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Shirley Alston-Reeves (10th June Birthday)

PostPosted: Sun Jun 10, 2012 10:44 am
by john poole
Shirley Owens aka Shirley Alston aka Shirley Alston-Reeves aka "Lady Rose" - born 10th June, 1941 (Henderson, North Carolina) - the main lead singer with the Shirelles (Doris Coley also sang a lead on a few songs, including 'Dedicated to the One I Love'). Shirley was the only Shirelle to appear on the record of 'Baby It's You', adding her voice to the original demo.

The Shirelles with Afros ca. 1970 - lip syncing the original 1960 recording of 'Will You Love Me Tomorrow' (down to a trio as Doris had left at the end of 1966; returning later in the 70s)

Shirley later went solo, but would reunite with the others for ceremonies including the Rock and Roll Hall of Fame in 1996 where they performed 'Soldier Boy' (again only three as original member Micki Harris had passed on in 1982)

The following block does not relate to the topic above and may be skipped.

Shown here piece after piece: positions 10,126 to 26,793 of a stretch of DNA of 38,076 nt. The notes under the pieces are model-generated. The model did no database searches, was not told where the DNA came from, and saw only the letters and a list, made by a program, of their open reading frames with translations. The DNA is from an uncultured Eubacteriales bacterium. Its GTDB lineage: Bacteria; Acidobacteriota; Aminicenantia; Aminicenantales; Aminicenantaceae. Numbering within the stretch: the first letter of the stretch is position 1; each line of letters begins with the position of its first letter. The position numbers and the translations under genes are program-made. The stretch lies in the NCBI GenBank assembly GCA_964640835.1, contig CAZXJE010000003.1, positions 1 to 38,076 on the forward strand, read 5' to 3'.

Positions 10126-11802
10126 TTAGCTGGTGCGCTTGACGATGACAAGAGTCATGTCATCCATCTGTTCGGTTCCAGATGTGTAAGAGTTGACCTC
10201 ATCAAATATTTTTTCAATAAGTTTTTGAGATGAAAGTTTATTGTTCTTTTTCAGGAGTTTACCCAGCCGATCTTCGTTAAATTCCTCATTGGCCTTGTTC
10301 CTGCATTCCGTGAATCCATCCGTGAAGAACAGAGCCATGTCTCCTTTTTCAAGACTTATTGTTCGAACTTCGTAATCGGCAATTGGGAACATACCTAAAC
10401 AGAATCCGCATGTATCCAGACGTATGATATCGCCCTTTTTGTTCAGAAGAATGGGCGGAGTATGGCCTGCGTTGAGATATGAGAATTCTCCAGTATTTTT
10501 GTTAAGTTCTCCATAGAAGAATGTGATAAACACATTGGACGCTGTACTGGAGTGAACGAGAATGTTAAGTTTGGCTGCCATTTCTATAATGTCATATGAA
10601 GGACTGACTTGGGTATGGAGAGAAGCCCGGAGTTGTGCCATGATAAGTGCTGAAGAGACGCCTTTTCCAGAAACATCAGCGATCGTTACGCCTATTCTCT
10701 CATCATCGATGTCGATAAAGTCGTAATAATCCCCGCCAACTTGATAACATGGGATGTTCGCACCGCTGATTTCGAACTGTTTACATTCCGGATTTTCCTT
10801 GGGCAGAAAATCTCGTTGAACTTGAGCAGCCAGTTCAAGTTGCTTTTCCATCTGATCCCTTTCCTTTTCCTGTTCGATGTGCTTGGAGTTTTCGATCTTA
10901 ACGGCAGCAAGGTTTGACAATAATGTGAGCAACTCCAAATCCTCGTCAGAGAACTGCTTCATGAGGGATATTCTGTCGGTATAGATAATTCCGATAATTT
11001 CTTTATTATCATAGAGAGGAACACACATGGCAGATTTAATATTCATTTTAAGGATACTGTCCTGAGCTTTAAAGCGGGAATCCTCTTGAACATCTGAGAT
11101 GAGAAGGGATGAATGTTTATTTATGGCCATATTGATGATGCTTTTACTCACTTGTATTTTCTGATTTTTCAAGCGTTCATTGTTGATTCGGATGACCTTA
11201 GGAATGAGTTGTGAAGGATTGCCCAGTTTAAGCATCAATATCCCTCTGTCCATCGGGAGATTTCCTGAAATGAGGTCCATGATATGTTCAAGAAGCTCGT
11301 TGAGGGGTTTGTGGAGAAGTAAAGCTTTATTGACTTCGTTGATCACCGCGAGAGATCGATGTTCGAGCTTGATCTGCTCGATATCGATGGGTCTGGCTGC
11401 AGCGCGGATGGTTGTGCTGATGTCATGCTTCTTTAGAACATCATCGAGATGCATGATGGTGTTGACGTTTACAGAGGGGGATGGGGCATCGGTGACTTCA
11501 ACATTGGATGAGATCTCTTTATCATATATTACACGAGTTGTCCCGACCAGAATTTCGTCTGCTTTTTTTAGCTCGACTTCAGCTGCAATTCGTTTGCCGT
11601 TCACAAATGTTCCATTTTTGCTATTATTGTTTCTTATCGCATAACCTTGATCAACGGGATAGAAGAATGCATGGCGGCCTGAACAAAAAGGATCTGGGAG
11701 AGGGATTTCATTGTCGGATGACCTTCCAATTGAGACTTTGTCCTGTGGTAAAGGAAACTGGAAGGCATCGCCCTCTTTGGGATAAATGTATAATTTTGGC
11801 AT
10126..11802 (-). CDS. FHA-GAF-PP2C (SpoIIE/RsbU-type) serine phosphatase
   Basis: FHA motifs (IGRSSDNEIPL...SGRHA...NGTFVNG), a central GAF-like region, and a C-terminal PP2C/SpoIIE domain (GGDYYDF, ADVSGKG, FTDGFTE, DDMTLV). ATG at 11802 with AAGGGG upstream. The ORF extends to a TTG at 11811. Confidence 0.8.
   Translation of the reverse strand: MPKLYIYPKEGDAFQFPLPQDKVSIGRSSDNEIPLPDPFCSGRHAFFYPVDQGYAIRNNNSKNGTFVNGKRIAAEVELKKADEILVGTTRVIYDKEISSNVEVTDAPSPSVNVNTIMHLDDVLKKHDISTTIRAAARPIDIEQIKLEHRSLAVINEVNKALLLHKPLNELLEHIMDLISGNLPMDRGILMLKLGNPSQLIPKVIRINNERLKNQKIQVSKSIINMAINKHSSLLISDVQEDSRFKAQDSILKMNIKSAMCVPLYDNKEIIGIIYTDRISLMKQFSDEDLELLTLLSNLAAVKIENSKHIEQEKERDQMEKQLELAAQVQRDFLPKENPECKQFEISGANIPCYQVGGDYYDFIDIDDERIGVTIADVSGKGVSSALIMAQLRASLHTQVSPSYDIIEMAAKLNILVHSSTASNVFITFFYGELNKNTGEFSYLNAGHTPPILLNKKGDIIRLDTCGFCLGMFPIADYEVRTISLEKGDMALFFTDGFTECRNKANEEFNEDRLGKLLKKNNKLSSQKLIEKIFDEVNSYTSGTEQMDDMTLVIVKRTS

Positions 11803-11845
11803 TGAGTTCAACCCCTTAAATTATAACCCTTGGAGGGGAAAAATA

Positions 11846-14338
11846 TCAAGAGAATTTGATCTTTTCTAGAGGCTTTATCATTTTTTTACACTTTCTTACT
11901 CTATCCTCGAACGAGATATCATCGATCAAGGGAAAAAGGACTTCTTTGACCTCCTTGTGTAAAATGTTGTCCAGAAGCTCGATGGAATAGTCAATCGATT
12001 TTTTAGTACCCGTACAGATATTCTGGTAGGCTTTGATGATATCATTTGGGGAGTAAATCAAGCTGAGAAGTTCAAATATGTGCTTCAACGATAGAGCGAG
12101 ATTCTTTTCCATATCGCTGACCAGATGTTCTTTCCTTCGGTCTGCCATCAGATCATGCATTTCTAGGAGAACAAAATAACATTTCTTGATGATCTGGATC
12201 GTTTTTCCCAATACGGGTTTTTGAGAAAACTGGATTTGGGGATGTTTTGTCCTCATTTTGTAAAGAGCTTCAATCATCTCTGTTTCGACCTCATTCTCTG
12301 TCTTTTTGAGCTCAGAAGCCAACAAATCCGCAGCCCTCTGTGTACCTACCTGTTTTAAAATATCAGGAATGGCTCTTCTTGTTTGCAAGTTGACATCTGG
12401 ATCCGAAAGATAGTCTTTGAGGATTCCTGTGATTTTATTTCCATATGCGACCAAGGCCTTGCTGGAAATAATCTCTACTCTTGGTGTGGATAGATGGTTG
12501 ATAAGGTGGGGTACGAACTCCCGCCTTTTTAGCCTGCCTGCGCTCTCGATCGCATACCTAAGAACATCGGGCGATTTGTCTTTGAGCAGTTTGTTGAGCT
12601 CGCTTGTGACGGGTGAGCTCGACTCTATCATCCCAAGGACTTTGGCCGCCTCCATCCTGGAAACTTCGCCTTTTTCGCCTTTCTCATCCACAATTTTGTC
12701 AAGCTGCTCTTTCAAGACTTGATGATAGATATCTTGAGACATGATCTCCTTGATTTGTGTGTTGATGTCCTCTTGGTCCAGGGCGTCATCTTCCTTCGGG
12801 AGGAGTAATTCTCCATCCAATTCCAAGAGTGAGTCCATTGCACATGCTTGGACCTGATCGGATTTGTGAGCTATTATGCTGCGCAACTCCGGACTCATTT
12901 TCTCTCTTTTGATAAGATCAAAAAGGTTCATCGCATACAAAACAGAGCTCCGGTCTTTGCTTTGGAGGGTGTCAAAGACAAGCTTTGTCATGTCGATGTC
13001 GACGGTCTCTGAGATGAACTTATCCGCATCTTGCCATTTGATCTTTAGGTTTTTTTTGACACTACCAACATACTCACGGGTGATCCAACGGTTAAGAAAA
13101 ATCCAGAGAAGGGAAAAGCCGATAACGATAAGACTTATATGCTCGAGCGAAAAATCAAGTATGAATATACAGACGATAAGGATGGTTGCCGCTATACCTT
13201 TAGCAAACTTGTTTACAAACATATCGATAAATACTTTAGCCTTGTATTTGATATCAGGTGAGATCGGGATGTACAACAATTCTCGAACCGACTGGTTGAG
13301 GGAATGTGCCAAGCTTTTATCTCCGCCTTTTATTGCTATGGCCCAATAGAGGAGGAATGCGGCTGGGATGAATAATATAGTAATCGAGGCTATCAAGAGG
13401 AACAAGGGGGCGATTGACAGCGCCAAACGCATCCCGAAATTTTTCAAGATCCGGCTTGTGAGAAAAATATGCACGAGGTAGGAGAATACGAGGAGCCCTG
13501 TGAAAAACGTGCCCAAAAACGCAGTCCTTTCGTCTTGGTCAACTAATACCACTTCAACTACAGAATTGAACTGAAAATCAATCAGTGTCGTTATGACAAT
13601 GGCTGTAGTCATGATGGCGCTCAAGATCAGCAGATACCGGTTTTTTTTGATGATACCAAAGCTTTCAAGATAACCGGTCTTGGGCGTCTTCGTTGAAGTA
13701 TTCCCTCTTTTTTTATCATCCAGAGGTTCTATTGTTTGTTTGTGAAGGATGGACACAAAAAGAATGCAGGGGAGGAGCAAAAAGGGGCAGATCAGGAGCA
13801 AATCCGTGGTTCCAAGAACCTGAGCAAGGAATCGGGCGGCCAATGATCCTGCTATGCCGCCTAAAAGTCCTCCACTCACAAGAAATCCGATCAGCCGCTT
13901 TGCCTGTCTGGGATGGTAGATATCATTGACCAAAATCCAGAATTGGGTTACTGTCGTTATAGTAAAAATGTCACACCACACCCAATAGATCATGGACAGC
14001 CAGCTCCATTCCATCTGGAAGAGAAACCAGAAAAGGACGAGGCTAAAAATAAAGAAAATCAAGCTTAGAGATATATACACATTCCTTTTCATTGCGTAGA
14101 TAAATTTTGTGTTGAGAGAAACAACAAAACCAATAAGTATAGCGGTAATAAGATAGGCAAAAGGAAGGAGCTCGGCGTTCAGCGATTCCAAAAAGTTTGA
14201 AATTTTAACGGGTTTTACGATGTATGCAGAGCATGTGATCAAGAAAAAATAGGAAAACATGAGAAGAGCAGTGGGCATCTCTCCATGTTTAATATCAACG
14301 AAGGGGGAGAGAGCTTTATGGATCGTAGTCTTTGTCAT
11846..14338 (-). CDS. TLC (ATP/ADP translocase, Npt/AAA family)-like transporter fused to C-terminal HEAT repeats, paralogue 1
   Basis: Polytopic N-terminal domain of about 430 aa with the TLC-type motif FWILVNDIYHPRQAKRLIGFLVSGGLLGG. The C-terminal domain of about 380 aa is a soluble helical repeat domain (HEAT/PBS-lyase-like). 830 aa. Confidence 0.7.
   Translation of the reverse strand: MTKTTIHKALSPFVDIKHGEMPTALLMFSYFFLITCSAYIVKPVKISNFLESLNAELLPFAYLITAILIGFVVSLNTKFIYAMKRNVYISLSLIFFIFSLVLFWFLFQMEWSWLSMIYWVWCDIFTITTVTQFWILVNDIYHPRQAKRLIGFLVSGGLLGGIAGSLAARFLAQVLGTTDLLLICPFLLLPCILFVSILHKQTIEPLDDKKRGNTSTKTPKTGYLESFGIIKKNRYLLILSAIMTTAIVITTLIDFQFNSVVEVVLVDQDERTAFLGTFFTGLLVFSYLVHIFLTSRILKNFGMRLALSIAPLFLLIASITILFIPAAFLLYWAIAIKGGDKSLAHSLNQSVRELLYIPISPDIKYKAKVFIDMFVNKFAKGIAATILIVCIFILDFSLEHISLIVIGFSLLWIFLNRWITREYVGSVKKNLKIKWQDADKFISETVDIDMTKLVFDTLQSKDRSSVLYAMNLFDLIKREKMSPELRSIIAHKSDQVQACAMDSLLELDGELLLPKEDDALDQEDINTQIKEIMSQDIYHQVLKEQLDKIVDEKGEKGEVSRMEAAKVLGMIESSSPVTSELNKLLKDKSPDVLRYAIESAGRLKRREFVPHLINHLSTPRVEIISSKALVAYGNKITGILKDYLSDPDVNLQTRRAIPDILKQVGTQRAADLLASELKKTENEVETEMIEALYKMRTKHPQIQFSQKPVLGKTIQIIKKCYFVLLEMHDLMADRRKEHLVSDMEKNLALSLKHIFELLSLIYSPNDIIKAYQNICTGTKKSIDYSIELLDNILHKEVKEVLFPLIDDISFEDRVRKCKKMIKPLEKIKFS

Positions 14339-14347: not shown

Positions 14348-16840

(since removed from YT)

Shirley last year appearing during the Broadway show "Baby It's You" (based on the Shirelles) and singing 'A Thing of the Past' (cut, unfortunately)

Beverly Lee the only other surviving original Shirelle retains the right to the name and has a current version of the group,

Re: Shirley Alston-Reeves (10th June Birthday)

PostPosted: Sun Jun 10, 2012 2:38 pm
by AndyM
I like how the Spanish commentator refers to the Shirelles' songs as 'little adolescent symphonies' - though I'd question the word 'little'!

Re: Shirley Alston-Reeves (10th June Birthday)

PostPosted: Fri Jun 10, 2016 10:40 am
by john poole
Today Shirley is 75.

A 1973 live version of 'Soldier Boy' with (I think) three of the original four Shirelles (minus Doris Coley)

'It's a Mad, Mad, Mad, Mad World' (1963) - song written by Mack David (Hal's brother) & Ernest Gold, certainly not as memorable as the other Shirelles' song that Mack wrote the lyrics for, but a clip I'd not seen previously
with Shirley singing in Spanish & German; Doris - French; Micki Harris - Italian; Beverly Lee - Japanese

Intended for the film of the same name, which I remember as having more stars than laughs although others seem to love it. Sadly an orchestral version of the song was preferred for use in the film, and the Shirelles were only briefly heard (with a speeded up version of the B-side) in a scene with Barrie Chase and Dick Shawn (later seen in Mel Brooks' 'The Producers') ... 2BLP%2B514)%2B1963.jpg
But at least they got to attend the premiere.